the play aims to tackle the stigma surrounding addiction and recovery. ‘I interviewed lots of women in Glasgow and Edinburgh who were women just like the rest of us but the amount of things they were dealing with led them to turn to drugs.
‘There is a lot of judgement associated with an admission that you’ve been in drug recovery,’ Nicoll says. ‘Theatre is a really accessible way of talking about these things.’ (Lauren Mayberry)
Originally a teleplay by JP Miller from 1958, the story of Days of Wine and Roses is best known for the 1962 Oscar-nominated film starring Jack Lemmon. That story, which focuses on the plight of two average Americans, has been relocated to London by Northern Irish director Owen McCafferty. Donal and Mona are a couple from Belfast who meet in an airport, both headed for the bright lights of the UK capital to start a new life. As the narrative progresses from their meeting in 1962 through dating, marriage and eventual parenthood, it becomes apparent that formerly tee total Mona has descended into alcoholism alongside her already addicted husband.
Keith Fleming and Sally Reid give strong performances and really bring out the isolation, desperation and sadness involved in their situation. Some of the high-octane interactions and repeated emphasis on the Irish love of horse racing become slightly tiresome and the absence of the wife’s father, present in the US-based versions, seems a missed opportunity to give the audience more insight into Mona’s character and background and why she was so susceptible to the lifestyle she eventually adopts. (Lauren Mayberry)
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REVIEW NEW PLAY THE HUNTED Currently on tour throughout Scotland. Seen at Brunton Theatre, Musselburgh, Sat 15 Oct ●●●●●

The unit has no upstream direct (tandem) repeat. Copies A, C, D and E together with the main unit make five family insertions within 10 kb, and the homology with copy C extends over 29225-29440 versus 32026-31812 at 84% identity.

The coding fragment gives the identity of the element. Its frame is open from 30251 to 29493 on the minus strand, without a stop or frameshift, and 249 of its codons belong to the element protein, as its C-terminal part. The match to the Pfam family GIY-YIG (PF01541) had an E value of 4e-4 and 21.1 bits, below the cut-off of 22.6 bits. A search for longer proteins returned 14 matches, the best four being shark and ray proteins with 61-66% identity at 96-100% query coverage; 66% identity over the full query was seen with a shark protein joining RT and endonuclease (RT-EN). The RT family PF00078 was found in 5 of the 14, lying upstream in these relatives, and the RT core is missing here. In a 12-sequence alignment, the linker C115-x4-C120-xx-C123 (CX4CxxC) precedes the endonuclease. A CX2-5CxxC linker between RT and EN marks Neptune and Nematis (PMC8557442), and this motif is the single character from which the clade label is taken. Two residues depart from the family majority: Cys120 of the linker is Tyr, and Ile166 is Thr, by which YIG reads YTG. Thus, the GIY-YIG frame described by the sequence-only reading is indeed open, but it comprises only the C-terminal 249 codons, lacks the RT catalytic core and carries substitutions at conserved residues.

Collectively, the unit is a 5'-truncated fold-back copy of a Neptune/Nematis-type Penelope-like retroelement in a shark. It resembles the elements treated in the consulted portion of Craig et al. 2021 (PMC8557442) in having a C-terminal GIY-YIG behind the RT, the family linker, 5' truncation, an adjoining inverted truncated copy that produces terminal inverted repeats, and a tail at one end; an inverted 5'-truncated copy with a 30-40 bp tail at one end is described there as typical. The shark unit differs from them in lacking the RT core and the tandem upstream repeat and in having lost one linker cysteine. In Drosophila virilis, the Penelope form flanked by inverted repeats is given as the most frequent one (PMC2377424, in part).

At first glance the new production from acclaimed young person’s company Visible Fictions seems a straightforward, well-crafted, thriller, perfect for the spooky season. A wolf is at large, preying on the residents of a timeless fairytale village. One feisty young girl (Kirsty Stuart) longs to be apprenticed to the local hunter (Billy Mack), but following one entreaty too many finds herself trussed up and left out as bait in the middle of the forest. A twist of her kaleidoscope brings her into contact with a teenage boy (Roddy Cairns), seemingly also lost in the forest, but who, it turns out, is not what he seems. It’s at this point that JC Marshall’s piece – hitherto
a quietly menacing mix of Red Riding Hood and Hansel & Gretel – becomes confused, absorbing a time-travel subplot that only comes into focus at the very end. While the pace is on the whole rather languid there are some enjoyably scary moments, with the sense of otherworldliness heightened by a stylish forest set, created from row after row of hanging lights. (Allan Radcliffe)
20 Oct–17 Nov 2011 THE LIST 111